Much has been made of late about ‘misinformation’ on a certain podcast. I’m not here to talk about that, at least not directly. There’s been some very good perspectives, including critiques about what was said and not simply whether the individuals involved had the right to say what they did.
What does worry me is the desire to shut down criticism and open discussion. There’s something very theocratic about the whole business: the infallible Pontiff has spoken ex cathedra, the discussion is over.
My experience with the skeptical is that very few believe in lizard people, chips and the mark of the beast. My direct experience, heavy sampling bias admitted, is that skeptics are far more informed than the average person who’s just been skimming the headlines this whole time.
To make a point, here’s a recent article about winter travel plans in the Dutch news:
One man, Luke, who has a skiing holiday in Austria booked, told DutchNews: ‘I’ve literally done everything I was told as soon as I could. I’ve had Janssen, had a booster and had Covid. But I still don’t count as boostered.’
In Germany people with a Janssen vaccine alone are classed as unvaccinated, whole those with a booster jab count as fully vaccinated but not boostered.
Another potential headache for Dutch travellers is that Germany has cut the validity of recovery certificates to 90 days, while in the Netherlands people who test positive have to wait three months to book a booster vaccine.
This is a mainstream publication and the people here simply want to follow the rules and health advice of their country. Yet doing so could easily get you classified as “unvaccinated” in a neighboring country.
To wit, 3 of the 4 Western vaccines are now no longer offered to everyone in many European countries due to safety concerns, one is so widely considered ineffective that receiving it no longer counts as being vaccinated in some countries, none of the vaccines are considered effective in their original dosage and cloth masks are widely said to be useless by public health authorities.
Depending on when you had posted the above information on social media, you would have been branded an anti-vaxxer, spreading misinformation or an agent of the Kremlin.
When it comes to boosting, some countries are getting ready for a fourth shot; others, such as Norway, are questioning whether boosters make sense at all for people under 45. American two-year-olds have to wear masks, Dutch teenagers don’t. The contradictions from actual scientists go on and on.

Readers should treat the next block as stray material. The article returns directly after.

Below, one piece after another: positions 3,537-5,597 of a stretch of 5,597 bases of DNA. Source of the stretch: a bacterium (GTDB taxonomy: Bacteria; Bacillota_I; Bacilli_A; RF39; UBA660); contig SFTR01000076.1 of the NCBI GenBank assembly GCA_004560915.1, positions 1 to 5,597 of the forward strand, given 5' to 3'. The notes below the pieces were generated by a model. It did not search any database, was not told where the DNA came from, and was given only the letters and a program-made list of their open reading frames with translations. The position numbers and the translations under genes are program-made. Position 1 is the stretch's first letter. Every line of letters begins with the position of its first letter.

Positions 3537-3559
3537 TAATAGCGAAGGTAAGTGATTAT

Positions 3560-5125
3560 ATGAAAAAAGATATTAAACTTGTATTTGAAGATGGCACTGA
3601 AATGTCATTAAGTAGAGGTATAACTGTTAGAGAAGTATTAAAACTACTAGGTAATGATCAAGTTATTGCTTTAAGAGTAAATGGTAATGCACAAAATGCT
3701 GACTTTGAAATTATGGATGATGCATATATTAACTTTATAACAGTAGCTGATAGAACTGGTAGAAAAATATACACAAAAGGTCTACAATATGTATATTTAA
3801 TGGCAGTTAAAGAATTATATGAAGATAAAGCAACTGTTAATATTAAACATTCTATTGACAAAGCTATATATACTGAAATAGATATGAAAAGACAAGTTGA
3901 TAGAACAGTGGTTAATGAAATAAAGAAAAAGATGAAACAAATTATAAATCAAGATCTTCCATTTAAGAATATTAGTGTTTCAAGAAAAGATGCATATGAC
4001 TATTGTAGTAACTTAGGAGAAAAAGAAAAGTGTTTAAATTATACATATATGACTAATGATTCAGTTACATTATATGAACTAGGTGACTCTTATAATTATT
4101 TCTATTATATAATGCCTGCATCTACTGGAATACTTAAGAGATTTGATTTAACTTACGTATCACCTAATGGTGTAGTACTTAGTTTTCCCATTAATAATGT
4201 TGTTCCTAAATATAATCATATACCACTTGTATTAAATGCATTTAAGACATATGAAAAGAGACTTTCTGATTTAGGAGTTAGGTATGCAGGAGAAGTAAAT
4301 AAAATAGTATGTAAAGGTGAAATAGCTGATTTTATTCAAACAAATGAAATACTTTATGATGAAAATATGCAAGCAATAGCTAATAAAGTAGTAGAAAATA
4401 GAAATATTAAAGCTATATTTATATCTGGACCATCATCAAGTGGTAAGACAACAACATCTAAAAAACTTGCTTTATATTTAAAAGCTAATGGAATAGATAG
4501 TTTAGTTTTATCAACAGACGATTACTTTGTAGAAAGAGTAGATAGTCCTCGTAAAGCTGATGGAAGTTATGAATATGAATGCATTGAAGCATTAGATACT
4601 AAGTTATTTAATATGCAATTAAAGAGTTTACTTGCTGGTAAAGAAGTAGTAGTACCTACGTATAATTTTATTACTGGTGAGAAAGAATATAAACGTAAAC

The one thing to keep in mind in the background to all of this: Sweden, the country that has had the least medical theater in the developed world, had Europe’s lowest excess mortality rate in 2021.
All this is to say, that nearly every dogma that’s been held to be sacrosanct in the past two years has turned out to be false — not in the opinion of someone ranting on social media, but by the health agencies of European nations. This should caution anyone wanting to ban misinformation, which apparently simply means what one’s political opponents are saying, given how quickly even the mainstream of accepted facts has changed. Take an even longer timespan, and nearly every single scientific fact will be disproven. Let’s leave the arbitration of truth to the theologians.
The erosion of trust
The lack of humility that many public heath officials have had over the past two years, as well as those screaming about misinformation, has done more to damage trust in public health than any podcast ever could.
Imagine an ancient religious debate where one side claimed the timing of an eclipse would prove God was on their side to the detriment of Ba’al. If that eclipse didn’t happen when predicted, the debate would be over pretty quickly.